I feel there is a parallel to Parkour. If you're out there trying to do every technique to the same level, then you're not listening to your own body, your own mind, and your own way. You have to see what fits you, and then develop from there.
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Offline Nick

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Re: Martial Arts
« Reply #44 on: August 24, 2006, 07:24:25 AM »
oooh my bad, I guess I had confused with aikido which has already been talked about, but I guess that theres a certain philosophy of patience that goes along with Iaido that could be loosely applicable to training for parkour, or anything for that matter.

edit: One of the things that I like about parkour and rock climbing is that its not a sport in which im required to simulate combat.  I tried martial arts for a little while, as well as fencing (briefly) and simply never really connected with what I was doing (though the agility and strength that can be gained through either of those are certainly a good thing to have).  This thread has made me think about seriously trying a martial art again.
« Last Edit: August 24, 2006, 07:30:33 AM by Nick »
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Offline Sat Santokh

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Re: Martial Arts
« Reply #45 on: August 24, 2006, 01:53:16 PM »
Iaido is what the martial art used in the old japanese tv series Zatoichi I think.  They also made a recent version called Zatoichi the blind swordsman which was awesome.  He just strikes very quickly and usually only once.


Fun Fact: The main actor is also one of the announcers in the show MXC.

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Re: Martial Arts
« Reply #46 on: August 27, 2006, 02:28:31 PM »
the art that i take is called Shaolin Chuan'fa, and is essentially a blend of northern and southern kung fu.  it is five animal kung fu, based off of leopard, snake, crane, tiger, and dragon styles, but there's other thrown in.  like M2 was talking about, hip movement is big.  in this system they stress that every movement should be powered from the center (or the 3rd chakra).  we also learn alot of grappling..which is good to know, but not the 'end all' that some people think it is. 

every art has its useful, and its not so useful, and this can vary alot person to person, and situation to situation.  for example, as a smallish person, the tiger techniques (based on lots of strengh/overpowering, etc) i learn are not going to be very useful to me on the street, whereas the snake (pressure point work, grappling, etc) and leopard (based upon pure speed)-style techniques may be of greater value.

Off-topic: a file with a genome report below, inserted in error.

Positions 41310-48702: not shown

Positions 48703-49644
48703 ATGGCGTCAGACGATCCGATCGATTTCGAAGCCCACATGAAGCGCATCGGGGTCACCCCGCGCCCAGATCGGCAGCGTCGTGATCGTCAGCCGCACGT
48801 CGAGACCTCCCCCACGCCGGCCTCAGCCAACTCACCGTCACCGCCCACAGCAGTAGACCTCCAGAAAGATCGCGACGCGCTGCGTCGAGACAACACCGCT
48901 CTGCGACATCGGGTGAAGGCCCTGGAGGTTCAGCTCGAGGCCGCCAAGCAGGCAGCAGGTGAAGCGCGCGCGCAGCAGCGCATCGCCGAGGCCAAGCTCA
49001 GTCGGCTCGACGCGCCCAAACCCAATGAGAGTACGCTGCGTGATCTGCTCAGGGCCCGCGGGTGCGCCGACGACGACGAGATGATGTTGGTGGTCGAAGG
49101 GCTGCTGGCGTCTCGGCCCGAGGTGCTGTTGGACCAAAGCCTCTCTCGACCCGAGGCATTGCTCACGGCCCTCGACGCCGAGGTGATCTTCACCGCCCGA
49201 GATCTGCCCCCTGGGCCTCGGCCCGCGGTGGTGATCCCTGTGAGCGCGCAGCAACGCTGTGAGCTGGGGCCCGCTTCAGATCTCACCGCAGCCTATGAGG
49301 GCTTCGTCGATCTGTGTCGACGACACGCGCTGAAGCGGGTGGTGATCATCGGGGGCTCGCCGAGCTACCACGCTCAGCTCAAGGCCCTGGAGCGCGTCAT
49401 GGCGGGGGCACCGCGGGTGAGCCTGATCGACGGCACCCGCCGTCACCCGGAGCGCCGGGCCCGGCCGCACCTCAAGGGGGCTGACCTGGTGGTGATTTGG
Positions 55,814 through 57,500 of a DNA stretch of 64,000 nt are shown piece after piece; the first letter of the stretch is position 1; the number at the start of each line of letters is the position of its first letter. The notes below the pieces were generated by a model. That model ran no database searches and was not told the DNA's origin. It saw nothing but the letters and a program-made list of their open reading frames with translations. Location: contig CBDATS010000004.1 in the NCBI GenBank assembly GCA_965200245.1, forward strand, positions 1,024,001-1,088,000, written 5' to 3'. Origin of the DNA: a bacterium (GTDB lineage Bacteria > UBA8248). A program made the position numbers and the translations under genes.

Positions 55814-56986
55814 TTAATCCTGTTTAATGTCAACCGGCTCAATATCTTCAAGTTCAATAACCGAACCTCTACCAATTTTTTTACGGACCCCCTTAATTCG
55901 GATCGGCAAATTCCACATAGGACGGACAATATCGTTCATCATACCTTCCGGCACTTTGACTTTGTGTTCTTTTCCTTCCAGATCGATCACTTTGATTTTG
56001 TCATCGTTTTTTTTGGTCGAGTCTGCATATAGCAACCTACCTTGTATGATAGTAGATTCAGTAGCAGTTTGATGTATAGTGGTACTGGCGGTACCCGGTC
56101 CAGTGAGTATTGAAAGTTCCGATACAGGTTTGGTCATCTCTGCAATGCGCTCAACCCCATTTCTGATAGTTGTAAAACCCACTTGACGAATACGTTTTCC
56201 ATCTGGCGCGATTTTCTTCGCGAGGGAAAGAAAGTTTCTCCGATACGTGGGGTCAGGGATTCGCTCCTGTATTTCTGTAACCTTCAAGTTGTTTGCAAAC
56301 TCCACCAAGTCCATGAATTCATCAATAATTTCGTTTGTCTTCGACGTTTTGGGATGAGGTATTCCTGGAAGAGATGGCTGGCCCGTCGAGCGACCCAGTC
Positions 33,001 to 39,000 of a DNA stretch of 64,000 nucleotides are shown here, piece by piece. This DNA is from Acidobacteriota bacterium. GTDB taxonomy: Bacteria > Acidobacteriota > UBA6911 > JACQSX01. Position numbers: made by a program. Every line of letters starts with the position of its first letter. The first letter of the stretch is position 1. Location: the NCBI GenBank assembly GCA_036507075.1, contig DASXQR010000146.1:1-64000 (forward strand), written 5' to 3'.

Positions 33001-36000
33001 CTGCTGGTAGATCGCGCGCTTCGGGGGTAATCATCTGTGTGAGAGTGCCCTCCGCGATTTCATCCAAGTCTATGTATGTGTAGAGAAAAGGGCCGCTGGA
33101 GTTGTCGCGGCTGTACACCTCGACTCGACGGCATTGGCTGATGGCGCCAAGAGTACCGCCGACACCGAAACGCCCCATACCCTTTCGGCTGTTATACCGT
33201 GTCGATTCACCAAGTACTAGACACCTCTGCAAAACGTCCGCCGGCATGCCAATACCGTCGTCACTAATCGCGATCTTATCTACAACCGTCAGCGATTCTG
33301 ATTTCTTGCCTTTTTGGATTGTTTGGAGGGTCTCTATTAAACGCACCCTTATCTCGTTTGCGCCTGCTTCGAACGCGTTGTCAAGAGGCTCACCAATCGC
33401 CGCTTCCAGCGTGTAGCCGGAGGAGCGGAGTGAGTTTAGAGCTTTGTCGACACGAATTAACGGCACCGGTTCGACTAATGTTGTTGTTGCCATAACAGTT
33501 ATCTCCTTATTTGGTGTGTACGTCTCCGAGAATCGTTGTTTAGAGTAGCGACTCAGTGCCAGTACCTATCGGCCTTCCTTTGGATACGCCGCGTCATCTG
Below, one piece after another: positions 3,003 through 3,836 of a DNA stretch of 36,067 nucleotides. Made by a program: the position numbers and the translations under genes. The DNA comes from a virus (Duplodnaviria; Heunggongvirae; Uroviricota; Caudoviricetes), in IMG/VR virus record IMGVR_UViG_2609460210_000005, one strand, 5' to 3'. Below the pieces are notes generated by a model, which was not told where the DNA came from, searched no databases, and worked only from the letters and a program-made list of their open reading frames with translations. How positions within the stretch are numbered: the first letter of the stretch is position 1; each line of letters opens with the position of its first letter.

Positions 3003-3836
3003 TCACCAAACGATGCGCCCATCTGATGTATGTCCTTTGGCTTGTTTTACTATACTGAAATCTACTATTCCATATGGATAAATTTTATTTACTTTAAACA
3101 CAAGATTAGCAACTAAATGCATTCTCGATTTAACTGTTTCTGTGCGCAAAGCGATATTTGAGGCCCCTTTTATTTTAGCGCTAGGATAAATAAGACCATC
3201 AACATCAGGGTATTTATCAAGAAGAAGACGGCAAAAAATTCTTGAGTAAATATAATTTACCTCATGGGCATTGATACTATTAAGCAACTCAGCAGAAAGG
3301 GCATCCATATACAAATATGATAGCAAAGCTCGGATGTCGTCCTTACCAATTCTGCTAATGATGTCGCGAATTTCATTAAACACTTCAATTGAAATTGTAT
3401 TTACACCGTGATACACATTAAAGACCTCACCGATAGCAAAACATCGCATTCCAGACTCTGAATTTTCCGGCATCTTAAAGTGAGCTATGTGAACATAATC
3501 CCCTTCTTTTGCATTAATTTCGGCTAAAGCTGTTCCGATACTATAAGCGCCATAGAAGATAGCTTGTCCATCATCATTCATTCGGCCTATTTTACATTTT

Offline Andy Animus Tran

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Re: Martial Arts
« Reply #47 on: August 28, 2006, 06:46:56 AM »
Mark, I couldn't agree with you more about the lowkicks and I think that is the best thing that TKD has to offer.  Very fast and VERY efficient when done properly.  I've seen very few TKD fighters who could use them as intended, but man... I've seen some where you couldn't even see the kick.  Unapproachable.  Was awesome.  It's just that on a whole, I see TKD as an inefficient martial art and the elements that ARE efficient are generally things that other martial arts share quite commonly.  The rigorous kick training seems to really come ahead in terms of the low kicks, definitely.

Steez, I don't think most people think of it as an "end-all" but rather that it's something VERY useful to know.  I believe to be a proficient fighter, you must have traditional fighting, grappling, and ground fighting under your belt.  I've fought a wrestler before and I never have trained ground fighitng at all...  All of my grapples were useless.  Quite in fact, EVERYTHING was useless.  It was very enlightening.  You must be able to react to anything and any situation and any fighting style.  It is certianly always most beneficial to be well-versed in those three arenas to be able to be the best martial artist you can be.

That said... I am STILL not proficient in all three and actually very poor at the martial arts that I used to have trained for years.  It's simply not been a regular part of my life anymore and my writing, my music, and my Parkour training have taken charge.  Still, I like a good discussion.